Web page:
Immigrants help drive the American digital economy. But they also help keep older folks out of nursing homes

By James Pethokoukis

When confronted with the drawbridge-up politics of immigration restriction, I have frequently noted the importance of global talent to the US economy. For example: In a 2020 analysis from Georgetown University’s Center for Security and Emerging Technology, researchers Tina Huang, Zachary Arnold, and Remco Zwetsloot note that two-thirds of Forbes magazine’s “most promising” US-based AI startups have at least one immigrant founder. Or look at some top CEOs in the American technology sector. Sundar Pichai of Alphabet-Google, Satya Nadella of Microsoft, and Parag Agrawal, the new boss of Twitter, were all born in India.

Google CEO Sundar Pichai speaks at El Centro College in Dallas, Texas, U.S. October 3, 2019.
REUTERS/Brandon Wade

But the benefits of immigration to native Americans aren’t just about what highly educated newcomers can do for the broad economy. Immigrants also help keep older Americans at home rather than moving into an institution. That’s the key finding in “Immigrant Labor and the Institutionalization of the U.S.-born Elderly” by Kristin F. Butcher (Wellesley College), Kelsey Moran (MIT), and Tara Watson (Williams College). From the paper (bold by me):

The U.S. population is aging. We examine whether immigration causally affects the likelihood that the U.S.-born elderly live in institutional settings. Using a shift-share instrument to identify exogenous variation in immigration, we find that a 10 percentage point increase in the less-educated foreign-born labor force share in a local area reduces institutionalization among the elderly by 1.5 and 3.8 percentage points for those aged 65+ and 80+, a 26-29 percent effect relative to the mean. The estimates imply that a typical U.S-born individual over age 65 in the year 2000 was 0.5 percentage points (10 percent) less likely to be living in an institution than would have been the case if immigration had remained at 1980 levels. We show that immigration affects the availability and cost of home services, including those provided by home health aides, gardeners and housekeepers, and other less-educated workers, reducing the cost of aging in the community.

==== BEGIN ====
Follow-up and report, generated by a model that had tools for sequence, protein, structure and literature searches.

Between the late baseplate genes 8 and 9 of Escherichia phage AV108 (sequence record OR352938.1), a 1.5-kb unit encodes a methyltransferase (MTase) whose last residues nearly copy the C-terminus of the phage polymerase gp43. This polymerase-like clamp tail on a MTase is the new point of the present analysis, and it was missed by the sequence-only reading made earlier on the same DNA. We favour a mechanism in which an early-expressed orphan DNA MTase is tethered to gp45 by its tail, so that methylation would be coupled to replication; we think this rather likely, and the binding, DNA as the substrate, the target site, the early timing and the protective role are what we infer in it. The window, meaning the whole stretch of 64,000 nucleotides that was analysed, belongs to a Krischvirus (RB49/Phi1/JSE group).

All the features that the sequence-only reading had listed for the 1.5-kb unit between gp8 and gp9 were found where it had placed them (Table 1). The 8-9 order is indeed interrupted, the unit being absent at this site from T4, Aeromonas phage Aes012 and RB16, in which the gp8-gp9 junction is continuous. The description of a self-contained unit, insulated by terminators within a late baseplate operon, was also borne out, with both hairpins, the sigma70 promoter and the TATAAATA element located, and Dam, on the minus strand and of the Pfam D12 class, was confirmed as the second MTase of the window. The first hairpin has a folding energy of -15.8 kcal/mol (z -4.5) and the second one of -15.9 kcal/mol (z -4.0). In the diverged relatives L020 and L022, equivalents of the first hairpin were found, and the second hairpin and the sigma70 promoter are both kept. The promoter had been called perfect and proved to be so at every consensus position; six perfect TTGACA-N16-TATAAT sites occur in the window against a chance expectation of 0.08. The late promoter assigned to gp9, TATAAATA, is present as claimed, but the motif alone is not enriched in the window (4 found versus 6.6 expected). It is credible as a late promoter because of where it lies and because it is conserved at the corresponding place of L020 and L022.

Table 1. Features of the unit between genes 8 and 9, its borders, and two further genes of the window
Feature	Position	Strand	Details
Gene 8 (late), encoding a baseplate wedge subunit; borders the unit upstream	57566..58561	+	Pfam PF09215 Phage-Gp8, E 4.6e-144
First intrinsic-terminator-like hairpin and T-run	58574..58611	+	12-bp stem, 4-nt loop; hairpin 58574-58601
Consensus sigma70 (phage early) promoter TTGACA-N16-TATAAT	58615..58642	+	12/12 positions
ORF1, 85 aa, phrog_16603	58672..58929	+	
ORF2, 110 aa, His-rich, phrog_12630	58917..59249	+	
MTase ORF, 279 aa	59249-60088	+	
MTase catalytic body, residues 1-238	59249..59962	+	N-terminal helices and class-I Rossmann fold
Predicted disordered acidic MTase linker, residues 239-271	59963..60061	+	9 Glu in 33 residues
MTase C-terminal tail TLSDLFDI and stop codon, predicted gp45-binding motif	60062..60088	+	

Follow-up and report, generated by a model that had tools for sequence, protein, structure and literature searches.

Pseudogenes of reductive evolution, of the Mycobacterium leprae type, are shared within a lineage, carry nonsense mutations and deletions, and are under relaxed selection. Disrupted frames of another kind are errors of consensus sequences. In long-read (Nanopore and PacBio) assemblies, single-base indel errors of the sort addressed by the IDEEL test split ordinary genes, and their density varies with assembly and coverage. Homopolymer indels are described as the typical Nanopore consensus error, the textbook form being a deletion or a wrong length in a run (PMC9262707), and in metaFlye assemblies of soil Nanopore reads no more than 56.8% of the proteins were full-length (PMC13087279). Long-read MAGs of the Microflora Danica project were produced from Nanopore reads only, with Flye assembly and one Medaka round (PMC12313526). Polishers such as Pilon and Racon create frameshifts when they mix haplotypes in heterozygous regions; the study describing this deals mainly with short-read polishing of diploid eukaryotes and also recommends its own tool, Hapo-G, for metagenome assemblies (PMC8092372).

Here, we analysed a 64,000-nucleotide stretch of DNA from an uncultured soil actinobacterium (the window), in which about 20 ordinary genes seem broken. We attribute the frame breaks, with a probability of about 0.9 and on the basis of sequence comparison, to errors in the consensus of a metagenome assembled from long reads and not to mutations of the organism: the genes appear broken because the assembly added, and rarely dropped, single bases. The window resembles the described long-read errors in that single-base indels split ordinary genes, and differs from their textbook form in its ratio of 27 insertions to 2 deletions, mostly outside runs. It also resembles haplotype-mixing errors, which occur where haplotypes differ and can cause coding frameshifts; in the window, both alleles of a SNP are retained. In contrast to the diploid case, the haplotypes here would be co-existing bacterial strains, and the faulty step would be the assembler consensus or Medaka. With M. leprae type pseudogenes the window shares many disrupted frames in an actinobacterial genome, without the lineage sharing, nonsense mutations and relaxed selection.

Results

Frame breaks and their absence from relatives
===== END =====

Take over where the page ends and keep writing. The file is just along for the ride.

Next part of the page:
Or as Butcher, Moran, and Watson also put it, the “reduced cost of inputs to aging in the community such as caregiving and household services” influences the choice of home versus institutional care. But not just that. BMW point to other research suggesting how immigration affects the quality of care in nursing homes.

Miller et al. (2009) find that mortality of the elderly in nursing homes is elevated in tight labor markets, presumably because the quality of care in institutions caring for the elderly declines as it is more difficult to staff these jobs when unemployment is low. Immigration, on the other hand, may increase the labor available to staff nursing homes. Furtado and Ortega (2020) find that increases in immigration are associated with fewer falls among the elderly in institutions, particularly in competitive markets. Using a similar methodology, Grabowski, Gruber, and McGarry (2020) find that immigration increases nursing home staffing and quality.

Immigration helps older Americans live in the way they want. Most would prefer to live at home rather than in an institution. But, as the BMW paper points out, “more than 45 percent of those age 80 report some form of difficulty with cognition, mobility, sight, hearing, or self‐care.” Moreover, “of those aged 65 and older with disabilities who remain in their communities, over 35 percent hire formal home care.” Bottom line: “Currently, immigrants play a disproportionate role in caregiving and household services, particularly in roles that may be crucial complements to aging in place.”

While losing out in the global high-skill talent competition would be devastating to the US economy, immigrants benefit their new home in all sorts of ways.

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Immigrants help drive the American digital economy. But they also help keep older folks out of nursing homes